- Autosomal DNA (atDNA) – for males or females. This test has the potential to discover relatives on ANY line of your family, as far back as 4-6 generations. This test measures the genetic material we inherit from both parents in our 23 chromosomes. We inherit 50% of our atDNA from our mother and 50% from our father. A random process called “recombination” determines which bits of DNA each child inherits. In preparation for creating a child, each parent’s atDNA breaks up into pieces and gets put back together (i.e., recombines). Because the amount of genetic material between them varies, even full siblings are unlikely to have identical match lists. With each subsequent generation, DNA from earlier generations is depleted by approximately half. Therefore, getting atDNA tests for the older people in the family is often a priority. Our elders are more likely to have higher quantities of DNA from earlier generations, increasing the chances of finding genetic matches representing relationships farther back in time. Being born with a MacAulay surname is not required for an atDNA test to be useful for MacAulay research. If you have a MacAulay ancestor in your direct maternal or paternal lines within the last 4-6 generations, it’s possible that an atDNA test will be of use when tracing your MacAulay lineage. Ethnicity estimates are another interesting aspect of atDNA test results. Most testing companies maintain large “population databases”, which contain information about DNA test results as they pertain to ethnicity. This is a young science, but it can still provide valuable insight into the ethnicity of one’s ancestors. Because each company’s database is different, individuals who test at more than one company often notice differences between the estimates. Currently, these estimates are broadly accurate, but, as more people worldwide test, ethnicity estimates will become finer tuned.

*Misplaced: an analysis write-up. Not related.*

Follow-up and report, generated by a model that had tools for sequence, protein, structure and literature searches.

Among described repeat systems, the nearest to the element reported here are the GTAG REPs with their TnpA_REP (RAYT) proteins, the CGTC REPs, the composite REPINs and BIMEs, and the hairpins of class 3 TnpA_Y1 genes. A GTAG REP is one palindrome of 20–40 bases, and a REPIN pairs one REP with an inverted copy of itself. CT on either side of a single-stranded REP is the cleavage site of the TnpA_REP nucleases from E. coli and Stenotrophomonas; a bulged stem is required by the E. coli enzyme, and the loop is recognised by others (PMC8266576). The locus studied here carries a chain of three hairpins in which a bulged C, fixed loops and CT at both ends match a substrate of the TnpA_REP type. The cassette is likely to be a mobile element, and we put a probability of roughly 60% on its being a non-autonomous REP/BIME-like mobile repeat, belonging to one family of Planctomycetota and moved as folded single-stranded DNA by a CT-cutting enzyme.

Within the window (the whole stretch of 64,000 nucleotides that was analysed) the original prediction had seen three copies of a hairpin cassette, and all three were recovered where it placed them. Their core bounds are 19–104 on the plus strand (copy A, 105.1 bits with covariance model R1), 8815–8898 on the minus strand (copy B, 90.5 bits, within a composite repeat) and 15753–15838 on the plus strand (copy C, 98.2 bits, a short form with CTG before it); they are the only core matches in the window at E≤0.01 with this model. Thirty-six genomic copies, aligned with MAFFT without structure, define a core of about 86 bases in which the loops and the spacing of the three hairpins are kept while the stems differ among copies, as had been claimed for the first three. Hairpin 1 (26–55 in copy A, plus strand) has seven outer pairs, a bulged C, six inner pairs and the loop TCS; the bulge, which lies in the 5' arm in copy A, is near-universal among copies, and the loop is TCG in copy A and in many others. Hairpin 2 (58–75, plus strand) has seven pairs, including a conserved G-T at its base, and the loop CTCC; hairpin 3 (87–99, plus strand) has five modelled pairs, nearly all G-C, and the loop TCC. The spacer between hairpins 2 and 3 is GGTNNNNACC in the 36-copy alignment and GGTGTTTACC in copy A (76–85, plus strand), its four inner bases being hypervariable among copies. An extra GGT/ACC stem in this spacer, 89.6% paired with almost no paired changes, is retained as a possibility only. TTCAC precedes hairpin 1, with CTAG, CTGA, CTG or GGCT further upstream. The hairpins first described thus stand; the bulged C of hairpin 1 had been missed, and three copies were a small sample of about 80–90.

- Y-DNA – for males only. Y-DNA is passed from father to son, so this test follows only the direct male line (your father, his father, his father, etc.). Basic Y-DNA testing (“short tandem repeat (STR) tests”) such as the Y-37 and Y-111 tests can identify males that share a common ancestor in the last 1,000-1,500 years. However, exciting new advances in Advanced Next Generation Sequencing (NGS) tests like the Big Y-700 at FTDNA are making it possible to identify Y-DNA relationships from more recent times – in some cases, to within 2 or 3 generations. This is accomplished because NGS is able to identify much more stable and reliable SNP mutations (a SNP is a change in your DNA code at a specific point). This allows for the reconstruction of a true genetic tree across entire families and can verify whether hypothesized genealogies are in fact correct. Women can participate by encouraging their male MacAulay relatives to test. There are several Y-DNA projects applicable to MacAulays each administered by experienced DNA genealogists to help you interpret your results and further your personal, as well as our collective, research. Clan Members have additional access to these individuals as well as the body of knowledge built up so far as a result of MacAulay men from around the world.
- Mitochondrial DNA (mtDNA) – for males or females. mtDNA is inherited by male and female children from their mothers, and only mothers can pass it on. So, mtDNA tests the mother’s direct line (your mother, her mother, her mother, etc.). Because mtDNA can be inherited essentially unchanged over centuries, these tests can be useful for ruling out non-matching individuals. Since mtDNA rarely mutates, an mtDNA test match could indicate a recent common ancestor or one from many hundreds of years ago, making this test less useful for family research within a genealogical time frame.
DNA Data Security
All the large DNA-testing companies have sophisticated data security systems to protect their customers’ test data. You always maintain ownership of your DNA and DNA data—you can manage, export, and even delete it as described in the company’s Privacy Statement. You can choose any level of visibility, although complete invisibility would not further a goal of collaboration for ancestry discoveries. All sites offer the ability to see matches without revealing your identity.